Milwaukee Officials Wise to be Cautious
Milwaukee Riverkeeper Cheryl Nenn recently had an editorial published in the Milwaukee Journal Sentinel regarding Waukesha's Water issues. The comments are in relation to a letter sent from the Mayors of Milwaukee, Racine and Oak Creek which was also published in the Journal Sentinel. To view that letter click here.
[excerpted from the Milwaukee Journal Sentinel]
by Cheryl Nenn, Milwaukee Riverkeeper
An April 22 article detailed how Milwaukee officials are getting closer to negotiating with Waukesha to sell Lake Michigan water if Waukesha's application for a Great Lakes diversion is approved by Wisconsin and seven other Great Lakes states.
Milwaukee is right to proceed cautiously when making a decision to sell water to Waukesha. The decision affects not only our waterways but also our economy. This is why Milwaukee passed a resolution in 2008 that requires consideration of housing, transportation and other socioeconomic factors when making decisions about water sales and the true "costs" of selling water.
In its correspondence to the mayors of Milwaukee, Racine and Oak Creek, as quoted in the article, Waukesha emphasizes that the water sought is not to "spur unbridled growth" or give Waukesha a "competitive advantage" in attracting new employers.
Then why is Waukesha seeking an average of 10.9 million gallons a day of water (with a peak request of up to 18 million gallons a day) when its current use is only 6.7 million gallons a day (based on 2010 data)?
In order to justify this large water request and obtain a precedent-setting exception to the Great Lakes compact, Waukesha needs to make its case that the city will need the amount of water requested and that it has no other "reasonable" alternatives. To justify the 10.9 million gallons a day, Waukesha included the Town of Waukesha and several other communities, claiming they are included in the Regional Water Supply Plan developed by the Southeastern Wisconsin Regional Planning Commission. Using this plan to justify including these communities is disingenuous at best when one considers that Waukesha has not followed SEWRPC's plans for regional transportation, mass transit, affordable housing, farmland protection or preservation of open space.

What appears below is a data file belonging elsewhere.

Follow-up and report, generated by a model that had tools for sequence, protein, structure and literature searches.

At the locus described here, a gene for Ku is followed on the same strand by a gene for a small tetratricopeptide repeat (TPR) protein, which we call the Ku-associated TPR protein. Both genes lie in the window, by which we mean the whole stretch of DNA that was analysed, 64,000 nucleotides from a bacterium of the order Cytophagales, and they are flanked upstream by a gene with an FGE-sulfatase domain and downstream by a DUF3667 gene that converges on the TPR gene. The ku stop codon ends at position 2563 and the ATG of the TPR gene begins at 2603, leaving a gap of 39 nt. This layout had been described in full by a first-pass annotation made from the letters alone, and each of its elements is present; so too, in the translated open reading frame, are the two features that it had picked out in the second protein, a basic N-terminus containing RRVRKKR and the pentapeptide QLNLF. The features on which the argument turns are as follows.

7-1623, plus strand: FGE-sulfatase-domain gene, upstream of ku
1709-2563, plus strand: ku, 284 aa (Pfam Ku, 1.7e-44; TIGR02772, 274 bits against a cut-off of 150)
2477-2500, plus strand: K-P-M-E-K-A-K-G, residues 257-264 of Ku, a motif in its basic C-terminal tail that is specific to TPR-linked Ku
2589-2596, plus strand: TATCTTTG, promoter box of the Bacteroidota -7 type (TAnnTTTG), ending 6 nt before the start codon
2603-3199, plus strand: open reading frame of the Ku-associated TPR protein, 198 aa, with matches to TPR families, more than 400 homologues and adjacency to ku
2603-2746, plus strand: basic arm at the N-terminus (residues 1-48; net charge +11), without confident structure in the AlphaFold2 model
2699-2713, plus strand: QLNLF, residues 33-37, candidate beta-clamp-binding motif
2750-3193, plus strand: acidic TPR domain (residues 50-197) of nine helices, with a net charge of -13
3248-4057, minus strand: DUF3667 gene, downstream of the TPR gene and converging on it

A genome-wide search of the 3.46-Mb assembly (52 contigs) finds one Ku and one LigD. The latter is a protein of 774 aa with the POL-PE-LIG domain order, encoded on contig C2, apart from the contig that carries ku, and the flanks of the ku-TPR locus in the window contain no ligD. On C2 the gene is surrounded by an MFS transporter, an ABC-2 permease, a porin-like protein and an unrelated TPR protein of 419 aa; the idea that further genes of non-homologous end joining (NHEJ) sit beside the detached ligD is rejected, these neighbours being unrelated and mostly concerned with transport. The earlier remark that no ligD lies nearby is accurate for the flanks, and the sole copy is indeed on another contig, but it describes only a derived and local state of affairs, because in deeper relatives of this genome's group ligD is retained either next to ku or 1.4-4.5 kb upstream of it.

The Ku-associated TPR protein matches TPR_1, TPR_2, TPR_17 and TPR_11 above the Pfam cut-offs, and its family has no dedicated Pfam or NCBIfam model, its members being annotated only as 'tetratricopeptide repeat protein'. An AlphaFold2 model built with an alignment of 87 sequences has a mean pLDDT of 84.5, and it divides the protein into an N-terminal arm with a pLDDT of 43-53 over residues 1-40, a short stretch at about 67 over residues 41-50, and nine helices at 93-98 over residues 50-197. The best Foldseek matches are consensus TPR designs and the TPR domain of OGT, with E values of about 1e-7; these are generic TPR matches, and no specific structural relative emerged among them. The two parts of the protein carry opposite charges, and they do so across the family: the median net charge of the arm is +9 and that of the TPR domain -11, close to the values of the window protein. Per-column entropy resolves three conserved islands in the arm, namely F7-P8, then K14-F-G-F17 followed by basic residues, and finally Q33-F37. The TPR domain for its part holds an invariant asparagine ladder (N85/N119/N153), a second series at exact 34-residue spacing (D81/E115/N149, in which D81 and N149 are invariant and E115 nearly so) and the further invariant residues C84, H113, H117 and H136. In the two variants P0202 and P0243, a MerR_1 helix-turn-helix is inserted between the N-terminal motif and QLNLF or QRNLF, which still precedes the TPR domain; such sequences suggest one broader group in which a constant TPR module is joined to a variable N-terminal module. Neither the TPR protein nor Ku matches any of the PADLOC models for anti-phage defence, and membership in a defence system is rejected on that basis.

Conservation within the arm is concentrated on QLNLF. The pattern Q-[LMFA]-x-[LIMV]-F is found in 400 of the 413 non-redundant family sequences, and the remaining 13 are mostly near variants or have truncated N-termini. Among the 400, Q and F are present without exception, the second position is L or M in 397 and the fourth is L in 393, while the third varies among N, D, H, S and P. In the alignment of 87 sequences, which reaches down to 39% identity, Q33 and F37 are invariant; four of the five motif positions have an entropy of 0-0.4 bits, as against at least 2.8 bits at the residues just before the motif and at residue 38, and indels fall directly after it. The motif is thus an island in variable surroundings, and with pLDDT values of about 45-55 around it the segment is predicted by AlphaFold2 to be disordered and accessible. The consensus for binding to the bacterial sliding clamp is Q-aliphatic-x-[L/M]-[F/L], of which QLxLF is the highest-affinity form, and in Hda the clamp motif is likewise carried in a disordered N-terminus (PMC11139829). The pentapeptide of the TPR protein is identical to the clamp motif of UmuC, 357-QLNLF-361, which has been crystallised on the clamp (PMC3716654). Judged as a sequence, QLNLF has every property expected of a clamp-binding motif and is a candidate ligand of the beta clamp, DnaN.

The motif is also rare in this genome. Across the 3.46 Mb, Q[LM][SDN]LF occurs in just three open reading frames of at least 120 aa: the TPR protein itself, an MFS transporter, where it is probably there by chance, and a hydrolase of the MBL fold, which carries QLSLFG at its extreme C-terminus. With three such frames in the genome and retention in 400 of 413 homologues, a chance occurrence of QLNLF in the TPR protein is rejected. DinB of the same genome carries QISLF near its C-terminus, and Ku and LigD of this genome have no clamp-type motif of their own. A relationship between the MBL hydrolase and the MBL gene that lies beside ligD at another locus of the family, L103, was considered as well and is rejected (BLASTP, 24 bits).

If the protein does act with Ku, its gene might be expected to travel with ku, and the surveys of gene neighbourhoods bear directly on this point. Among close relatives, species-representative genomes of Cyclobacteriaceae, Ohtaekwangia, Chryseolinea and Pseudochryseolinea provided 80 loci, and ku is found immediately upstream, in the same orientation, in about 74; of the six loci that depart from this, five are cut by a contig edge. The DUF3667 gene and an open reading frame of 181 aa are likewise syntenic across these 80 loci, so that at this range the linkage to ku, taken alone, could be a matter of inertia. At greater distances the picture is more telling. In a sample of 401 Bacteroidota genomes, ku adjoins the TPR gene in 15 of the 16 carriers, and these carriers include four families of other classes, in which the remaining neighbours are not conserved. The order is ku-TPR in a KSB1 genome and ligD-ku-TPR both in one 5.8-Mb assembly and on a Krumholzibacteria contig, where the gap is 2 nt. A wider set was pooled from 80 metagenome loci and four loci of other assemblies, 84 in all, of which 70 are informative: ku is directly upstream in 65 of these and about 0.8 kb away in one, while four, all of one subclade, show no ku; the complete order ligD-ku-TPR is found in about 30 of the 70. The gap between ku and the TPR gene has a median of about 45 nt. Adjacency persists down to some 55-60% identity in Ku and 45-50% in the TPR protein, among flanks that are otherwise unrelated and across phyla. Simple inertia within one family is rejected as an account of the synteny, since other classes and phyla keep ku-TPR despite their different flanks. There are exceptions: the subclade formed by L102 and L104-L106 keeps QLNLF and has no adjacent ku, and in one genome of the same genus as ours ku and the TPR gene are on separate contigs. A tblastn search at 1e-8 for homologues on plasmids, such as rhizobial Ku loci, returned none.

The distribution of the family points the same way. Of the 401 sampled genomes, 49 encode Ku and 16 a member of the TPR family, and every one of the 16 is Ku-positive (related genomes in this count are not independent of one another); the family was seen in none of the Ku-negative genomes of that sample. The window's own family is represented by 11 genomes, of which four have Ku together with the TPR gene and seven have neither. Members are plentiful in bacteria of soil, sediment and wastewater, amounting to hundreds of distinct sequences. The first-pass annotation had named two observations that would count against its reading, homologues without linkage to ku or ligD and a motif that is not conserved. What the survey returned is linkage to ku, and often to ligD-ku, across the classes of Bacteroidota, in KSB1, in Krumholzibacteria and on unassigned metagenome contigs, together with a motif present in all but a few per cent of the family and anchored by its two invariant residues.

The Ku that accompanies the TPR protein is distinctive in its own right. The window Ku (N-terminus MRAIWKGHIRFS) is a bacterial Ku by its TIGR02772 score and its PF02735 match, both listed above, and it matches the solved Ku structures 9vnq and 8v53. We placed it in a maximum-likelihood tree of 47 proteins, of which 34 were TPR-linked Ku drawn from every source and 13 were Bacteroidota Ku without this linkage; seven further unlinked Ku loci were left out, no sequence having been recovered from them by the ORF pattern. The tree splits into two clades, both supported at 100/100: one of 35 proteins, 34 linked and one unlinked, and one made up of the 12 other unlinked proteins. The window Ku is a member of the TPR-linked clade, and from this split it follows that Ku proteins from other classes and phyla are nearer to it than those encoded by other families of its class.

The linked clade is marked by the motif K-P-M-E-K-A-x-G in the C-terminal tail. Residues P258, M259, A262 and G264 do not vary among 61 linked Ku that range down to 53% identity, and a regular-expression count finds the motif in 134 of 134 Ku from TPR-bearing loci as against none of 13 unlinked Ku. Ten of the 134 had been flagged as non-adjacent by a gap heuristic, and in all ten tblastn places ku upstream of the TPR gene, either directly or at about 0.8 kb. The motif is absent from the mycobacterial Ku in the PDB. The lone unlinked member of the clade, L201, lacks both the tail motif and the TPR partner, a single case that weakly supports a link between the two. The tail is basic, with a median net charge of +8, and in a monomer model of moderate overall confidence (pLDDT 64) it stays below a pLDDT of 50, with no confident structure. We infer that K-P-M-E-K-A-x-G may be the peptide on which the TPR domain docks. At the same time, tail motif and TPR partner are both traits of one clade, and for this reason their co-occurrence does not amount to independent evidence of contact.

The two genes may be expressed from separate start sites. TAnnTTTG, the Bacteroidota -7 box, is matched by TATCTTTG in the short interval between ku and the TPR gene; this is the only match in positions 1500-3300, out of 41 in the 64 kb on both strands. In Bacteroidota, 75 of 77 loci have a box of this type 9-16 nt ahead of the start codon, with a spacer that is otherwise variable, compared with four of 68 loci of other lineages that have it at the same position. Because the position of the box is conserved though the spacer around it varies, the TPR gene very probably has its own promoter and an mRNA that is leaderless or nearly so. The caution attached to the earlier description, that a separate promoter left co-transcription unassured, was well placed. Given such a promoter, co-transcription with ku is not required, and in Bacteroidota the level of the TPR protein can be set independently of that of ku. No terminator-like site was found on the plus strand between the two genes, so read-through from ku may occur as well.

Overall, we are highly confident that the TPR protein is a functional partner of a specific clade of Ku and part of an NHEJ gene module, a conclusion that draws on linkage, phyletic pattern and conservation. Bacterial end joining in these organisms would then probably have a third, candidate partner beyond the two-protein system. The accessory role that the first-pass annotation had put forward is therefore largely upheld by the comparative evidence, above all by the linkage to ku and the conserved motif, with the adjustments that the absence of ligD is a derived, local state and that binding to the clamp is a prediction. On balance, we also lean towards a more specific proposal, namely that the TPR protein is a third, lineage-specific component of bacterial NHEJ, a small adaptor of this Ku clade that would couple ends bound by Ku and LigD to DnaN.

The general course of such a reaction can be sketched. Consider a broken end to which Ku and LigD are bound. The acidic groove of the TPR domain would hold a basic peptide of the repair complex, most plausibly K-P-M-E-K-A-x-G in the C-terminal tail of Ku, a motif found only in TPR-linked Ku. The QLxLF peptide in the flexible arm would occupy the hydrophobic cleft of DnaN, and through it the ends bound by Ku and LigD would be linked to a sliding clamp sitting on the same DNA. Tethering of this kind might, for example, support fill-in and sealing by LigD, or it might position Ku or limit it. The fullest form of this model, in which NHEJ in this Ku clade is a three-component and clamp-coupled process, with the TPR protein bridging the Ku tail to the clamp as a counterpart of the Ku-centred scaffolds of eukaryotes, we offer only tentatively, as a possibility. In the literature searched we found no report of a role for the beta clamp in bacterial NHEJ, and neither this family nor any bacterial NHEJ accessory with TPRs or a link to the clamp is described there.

It's true that Waukesha has a problem with radium contamination in some of its deep wells. However, it does have other safe, local and "reasonable" water supply alternatives. Waukesha should push ahead with some of the alternatives it already has employed, including possibly adding a few more shallow wells.
A sustainable, "closed loop" type system, known as riverbank inducement or filtration, which uses shallow groundwater filtered naturally by the riverbed and returns this water back to the river after use and treatment, should be seriously considered. It is currently being used to provide public water supplies in cities such as Louisville and Cedar Rapids, Iowa.
While Waukesha should be commended for having a conservation program, it could be far more aggressive in reducing its need by eliminating the amount of drinking water currently used for watering lawns and boulevards and tackling widespread water loss from old and failing water pipes. In short, Waukesha could become a city of the future, a model for other cities. Or it could build a long straw to Lake Michigan.
Milwaukee is right to take this decision seriously as it has a responsibility to protect its citizens as well as a resource that provides drinking water to more than 40 million people throughout the Great Lakes and is held in public trust for current and future generations.